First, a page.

William Mize died on this date 54 years ago. His gravestone transcription from Magnolia Park Cemetery, Warner Robins, Georgia:
PFC Co M 21 Infantry
World War I
April 14, 1902 - Jan 30, 1955
'HATCHETS,' 'LUCKY LADY' COMMENDEDUsing Ancestry, I found a couple of Stars and Stripes newspaper articles (Europe, Mediterranean, and North Africa Editions database) that seemed to also fit "my" Col. Dunning. The first was from 24 May 1952.
HQ., 14TH AIR FORCE - The "Flying Hatchet" fighter group and the "Lucky Lady" medium bombardment squadron have awarded Unit Citations for "outstanding performance of duty in action during the period of April 10 to May 15, 1945 when the Japanese attempted capture the airfield at Chinkiang but were defeated."
The Flying Hatchets fighter group is under the command of Col. John A. Dunning, San Antonio, Tex., and the "Lucky Lady" medium bombers are commanded by Col. T. Alan Bennett, Winter Park, Fla.
Among the next units to get the Thunderstreaks will be Col. John A. Dunning's 20th Fighter-Bomber Wing at Wethersfield. It is currently flying the Thunderjet, the plane which fought the bulk of the air war for the United Nations in Korea and was turned out at the rate of 10 a day during the height of that conflict by the same firm that is now tooled up for Thunderstreak production.I found all of this quite interesting. Of course, the information presented here is not "proof-positive" as to whether or not it applies to "my" Col. John A. Dunning. Do I have the right man? Further investigation would be required to properly answer that. I do think, however, all the timeframes fit rather nicely with the information on the gravemarker at Magnolia Park. Take it as you see fit.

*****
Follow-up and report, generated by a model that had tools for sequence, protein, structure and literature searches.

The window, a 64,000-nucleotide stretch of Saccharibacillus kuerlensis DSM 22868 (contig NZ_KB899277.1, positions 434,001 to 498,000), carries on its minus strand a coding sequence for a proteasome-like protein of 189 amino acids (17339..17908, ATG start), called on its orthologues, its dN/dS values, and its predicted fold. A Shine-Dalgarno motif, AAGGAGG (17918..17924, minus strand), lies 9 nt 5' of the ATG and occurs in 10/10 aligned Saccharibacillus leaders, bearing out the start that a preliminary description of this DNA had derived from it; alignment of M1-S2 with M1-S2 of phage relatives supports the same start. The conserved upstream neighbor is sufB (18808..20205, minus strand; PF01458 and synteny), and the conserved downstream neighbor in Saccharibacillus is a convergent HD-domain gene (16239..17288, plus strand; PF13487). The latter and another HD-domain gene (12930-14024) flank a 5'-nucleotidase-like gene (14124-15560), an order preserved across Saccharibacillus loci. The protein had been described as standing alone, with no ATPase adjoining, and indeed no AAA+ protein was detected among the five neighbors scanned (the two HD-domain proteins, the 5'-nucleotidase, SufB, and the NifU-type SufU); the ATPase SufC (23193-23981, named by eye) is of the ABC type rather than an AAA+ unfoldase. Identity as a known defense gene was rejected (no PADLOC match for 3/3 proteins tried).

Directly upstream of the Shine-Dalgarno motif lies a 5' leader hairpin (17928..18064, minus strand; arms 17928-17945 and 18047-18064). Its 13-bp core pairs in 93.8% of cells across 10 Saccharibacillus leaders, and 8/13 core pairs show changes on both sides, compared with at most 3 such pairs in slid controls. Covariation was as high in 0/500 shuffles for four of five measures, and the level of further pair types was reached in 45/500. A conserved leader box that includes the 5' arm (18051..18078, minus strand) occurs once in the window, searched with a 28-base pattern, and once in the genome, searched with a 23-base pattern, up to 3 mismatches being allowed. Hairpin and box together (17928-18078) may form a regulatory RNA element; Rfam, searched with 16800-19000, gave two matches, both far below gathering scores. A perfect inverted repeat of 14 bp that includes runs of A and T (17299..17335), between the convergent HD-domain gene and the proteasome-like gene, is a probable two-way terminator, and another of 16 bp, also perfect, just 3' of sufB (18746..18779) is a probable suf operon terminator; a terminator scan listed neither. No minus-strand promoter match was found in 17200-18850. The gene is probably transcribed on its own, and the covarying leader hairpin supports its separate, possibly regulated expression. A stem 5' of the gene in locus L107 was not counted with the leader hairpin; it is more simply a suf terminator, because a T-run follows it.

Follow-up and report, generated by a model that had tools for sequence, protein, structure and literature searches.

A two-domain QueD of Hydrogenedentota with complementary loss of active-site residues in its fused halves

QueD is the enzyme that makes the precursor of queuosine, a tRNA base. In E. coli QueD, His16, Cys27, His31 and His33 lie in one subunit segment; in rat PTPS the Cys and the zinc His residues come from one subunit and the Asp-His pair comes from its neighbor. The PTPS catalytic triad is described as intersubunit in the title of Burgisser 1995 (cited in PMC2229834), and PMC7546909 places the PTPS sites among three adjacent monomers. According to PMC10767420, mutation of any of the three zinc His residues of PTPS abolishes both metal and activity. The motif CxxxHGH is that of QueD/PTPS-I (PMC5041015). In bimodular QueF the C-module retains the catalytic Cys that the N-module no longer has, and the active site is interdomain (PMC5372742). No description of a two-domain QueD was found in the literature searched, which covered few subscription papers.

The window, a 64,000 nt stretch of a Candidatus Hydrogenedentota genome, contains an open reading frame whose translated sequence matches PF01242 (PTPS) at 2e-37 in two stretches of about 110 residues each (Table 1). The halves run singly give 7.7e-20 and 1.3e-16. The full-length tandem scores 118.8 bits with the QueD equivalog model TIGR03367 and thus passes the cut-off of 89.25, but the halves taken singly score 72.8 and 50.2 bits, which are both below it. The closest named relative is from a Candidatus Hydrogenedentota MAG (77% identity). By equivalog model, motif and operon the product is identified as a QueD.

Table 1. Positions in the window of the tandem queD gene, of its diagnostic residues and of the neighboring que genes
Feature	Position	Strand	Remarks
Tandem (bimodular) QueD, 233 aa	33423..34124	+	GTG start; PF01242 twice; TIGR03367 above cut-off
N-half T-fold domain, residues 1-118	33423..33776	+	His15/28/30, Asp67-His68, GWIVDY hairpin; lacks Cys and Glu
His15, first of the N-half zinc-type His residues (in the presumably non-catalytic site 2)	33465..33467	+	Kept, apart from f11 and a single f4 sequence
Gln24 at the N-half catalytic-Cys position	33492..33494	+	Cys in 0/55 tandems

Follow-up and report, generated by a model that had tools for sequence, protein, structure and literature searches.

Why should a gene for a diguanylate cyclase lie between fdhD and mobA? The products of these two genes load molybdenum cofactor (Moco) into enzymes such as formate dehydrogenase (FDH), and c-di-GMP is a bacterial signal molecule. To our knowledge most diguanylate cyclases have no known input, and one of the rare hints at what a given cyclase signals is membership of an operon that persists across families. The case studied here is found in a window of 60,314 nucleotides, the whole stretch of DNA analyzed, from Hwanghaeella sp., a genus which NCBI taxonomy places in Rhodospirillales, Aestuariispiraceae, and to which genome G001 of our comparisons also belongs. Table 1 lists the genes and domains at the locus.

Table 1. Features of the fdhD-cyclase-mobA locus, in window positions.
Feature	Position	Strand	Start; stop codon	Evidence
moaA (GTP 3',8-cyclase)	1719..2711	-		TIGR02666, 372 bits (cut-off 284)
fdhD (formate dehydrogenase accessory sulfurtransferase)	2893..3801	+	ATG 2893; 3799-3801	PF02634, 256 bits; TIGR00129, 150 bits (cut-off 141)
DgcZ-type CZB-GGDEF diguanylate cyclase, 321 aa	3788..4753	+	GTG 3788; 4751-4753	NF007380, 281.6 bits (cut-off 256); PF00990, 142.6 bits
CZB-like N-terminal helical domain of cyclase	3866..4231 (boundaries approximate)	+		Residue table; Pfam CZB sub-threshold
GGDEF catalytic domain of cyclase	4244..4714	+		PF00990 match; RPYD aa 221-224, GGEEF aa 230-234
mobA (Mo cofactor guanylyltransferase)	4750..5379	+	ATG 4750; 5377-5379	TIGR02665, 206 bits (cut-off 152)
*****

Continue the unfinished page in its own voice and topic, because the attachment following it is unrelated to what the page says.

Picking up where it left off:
As the plans for the town took a dramatic turn, the Watson's family involvement in the growth of the city also grew... Charles Bostick "Boss" Watson was a local farmer and businessman, co-owning a mercantile business. And if that were not enough, he was also a county commissioner and served as a member of the school board. "Boss" donated the land to build the Sacred Heart Church, and donated the land for the C. B. Watson Elementary School. Clearly, Boss Watson's plans for the town were bigger than just a grocery store.Boss Watson is also considered to be a main reason the Army built the Wellston Air Depot in Houston County in 1941. It is now known as Robins Air Force Base.
We're talking about an underwater cemetery, according to WTSP.com.The more in-depth article, linked above via WTSP.com, has some neat photos and a video. So does the cemetery homepage, also linked above.
It's called the Neptune Memorial Reef and it's about three miles off the coast of South Beach on Miami Beach in 45 feet of water.
Today, the reef resembles the lost City of Atlantis with its gates, giant lions and columns.
Eventually, it should cover 16 acres with room for 125,000 "placements," says Jim Hutslar, who manages the reef's construction.
It opened in 2007 and "placements" cost about $2,000.
Among its residents: 86-year-old Edith Hink of Naples who passed away last year.
Odd Fellows, recognizing the need for a woman's touch and her helpfulness in carrying out the principles of Odd Fellowship, brought into being the Rebekah degree, founded upon the principles of faithfulness, hospitality, purity and dedication to the principles of the Order as portrayed by women characters of the Bible.Two more symbols I can now recognize and understand!
The degree was originally written for Brothers to confer on their wives and daughters and was considered an "Honorary Degree".
Later the Sisters were allowed to confer the degree on other Sisters, a ritual was adopted with the Sisters taking the parts. Rebekah Lodges were instituted and have continued to flourish.